Nike Takes a Knee
The pathetic face of Nike's "Just Do It" ad campaign.
For the 30th anniversary of its “Just Do It” ad slogan, Nike has chosen to make self-centered, race-baiting, ex-NFL celebrity Colin Kaepernick the latest face of its global ad campaign. On his refusal to stand for our national anthem, Kaepernick said, “I am not going to stand up to show pride in a flag for a country that oppresses black people and people of color.” This from a guy who was adopted and raised by a white family, but his tragic childhood before adoption is the root of his textbook pathological narcissism.
In his multimillion-dollar ad deal with Nike, Kaepernick declares, “Believe in something, even if it means sacrificing everything.” (For the record, this is what “taking a knee” for those who actually sacrificed everything looks like.)
Kaepernick knows nothing about what it means to “sacrifice everything.” The entire country should be deeply offended by the arrogance of his assertion and Nike’s ad campaign.
Six years ago I stood at the emergency entrance of Walter Reed National Military Medical Center in Bethesda, Maryland. I was holding my breath as an ambulance (which was the size of a large bus) pulled up. As I strained to look into the window to catch a glimpse of my son, the back opened and one by one brave men and women were moved off the ambulance, past their family members and into the hospital. I proceeded to the waiting room where I sat with other mothers and fathers whose sons and daughters wounds were so severe it was difficult to comprehend. Many were missing limbs while others had suffered brain injuries, blindness, and much more. I witnessed first-hand what it means to sacrifice everything.
Perhaps Colin Kaepernick and the ad executives at Nike should pay a visit to Walter Reed or Arlington Cemetery. They might have an opportunity to learn what it means to really sacrifice everything.
Of course, Nike’s executives are betting on the 16-20-year-old consumer demographic appeal of promoting a leftist social justice warrior to boost product sales. Nike’s VP of branding for North America, Gino Fisanotti, noted, “We believe Colin is one of the most inspirational athletes of this generation, who has leveraged the power of sport to help move the world forward.” He added, “We wanted to energize its meaning and introduce ‘Just Do It’ to a new generation of athletes.” There are tens of thousands of Americans who have sacrificed everything — but they chose Kaepernick?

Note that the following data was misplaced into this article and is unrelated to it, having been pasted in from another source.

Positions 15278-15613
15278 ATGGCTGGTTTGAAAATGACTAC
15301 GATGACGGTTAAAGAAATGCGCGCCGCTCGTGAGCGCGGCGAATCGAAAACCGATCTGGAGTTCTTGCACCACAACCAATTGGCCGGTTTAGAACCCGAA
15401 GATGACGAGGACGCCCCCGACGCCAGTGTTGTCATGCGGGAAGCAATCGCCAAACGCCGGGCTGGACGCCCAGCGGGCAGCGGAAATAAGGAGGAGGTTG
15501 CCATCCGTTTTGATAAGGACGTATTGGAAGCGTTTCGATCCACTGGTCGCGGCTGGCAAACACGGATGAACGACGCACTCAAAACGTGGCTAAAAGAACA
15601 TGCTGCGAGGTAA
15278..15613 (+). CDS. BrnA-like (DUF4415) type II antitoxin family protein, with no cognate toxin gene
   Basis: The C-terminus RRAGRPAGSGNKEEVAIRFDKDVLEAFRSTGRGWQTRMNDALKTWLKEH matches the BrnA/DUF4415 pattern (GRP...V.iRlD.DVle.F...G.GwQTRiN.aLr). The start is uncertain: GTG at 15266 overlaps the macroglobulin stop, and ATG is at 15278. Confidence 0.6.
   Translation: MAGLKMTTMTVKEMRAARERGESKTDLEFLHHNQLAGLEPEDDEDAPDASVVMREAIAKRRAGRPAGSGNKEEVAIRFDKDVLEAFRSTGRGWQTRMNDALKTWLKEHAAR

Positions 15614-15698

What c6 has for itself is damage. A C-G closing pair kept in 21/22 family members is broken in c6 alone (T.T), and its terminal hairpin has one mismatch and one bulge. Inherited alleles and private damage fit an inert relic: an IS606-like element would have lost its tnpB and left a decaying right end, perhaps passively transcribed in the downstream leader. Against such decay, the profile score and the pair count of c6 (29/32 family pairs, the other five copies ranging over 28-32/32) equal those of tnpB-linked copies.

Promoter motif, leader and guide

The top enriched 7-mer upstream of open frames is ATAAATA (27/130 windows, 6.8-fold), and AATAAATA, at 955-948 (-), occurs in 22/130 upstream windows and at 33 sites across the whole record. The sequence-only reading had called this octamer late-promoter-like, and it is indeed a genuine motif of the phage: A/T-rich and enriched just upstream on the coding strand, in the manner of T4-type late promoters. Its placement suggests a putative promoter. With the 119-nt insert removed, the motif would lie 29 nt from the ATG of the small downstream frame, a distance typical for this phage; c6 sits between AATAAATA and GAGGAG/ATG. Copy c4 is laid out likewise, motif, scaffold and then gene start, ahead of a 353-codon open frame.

Not only is it absurd, it’s ironic that Nike would choose Kaepernick, because he has not played in the NFL for the past two seasons. He and his fans, including his adoring Leftmedia sycophants, claim he is no longer employed because of his anti-anthem protests, insisting he’s a “martyr” for their cause. Fact is, what got him benched and released was that Kaepernick was, at best, an average quarterback.
The NFL has lost a significant number of fans over its failure to properly respond to the metastasizing anthem protest. It will be interesting to see if Nike sees a similar negative impact to its bottom line over its politically motivated decision to promote a zero as a hero.
As Nike takes a knee, the day after its Kaepernick charade so did its stock — down 3%. Of course, when it’s only paying Chinese laborers 20 cents an hour to produce expensive shoes for image-obsessed American adolescents, its profit margins will probably hold up.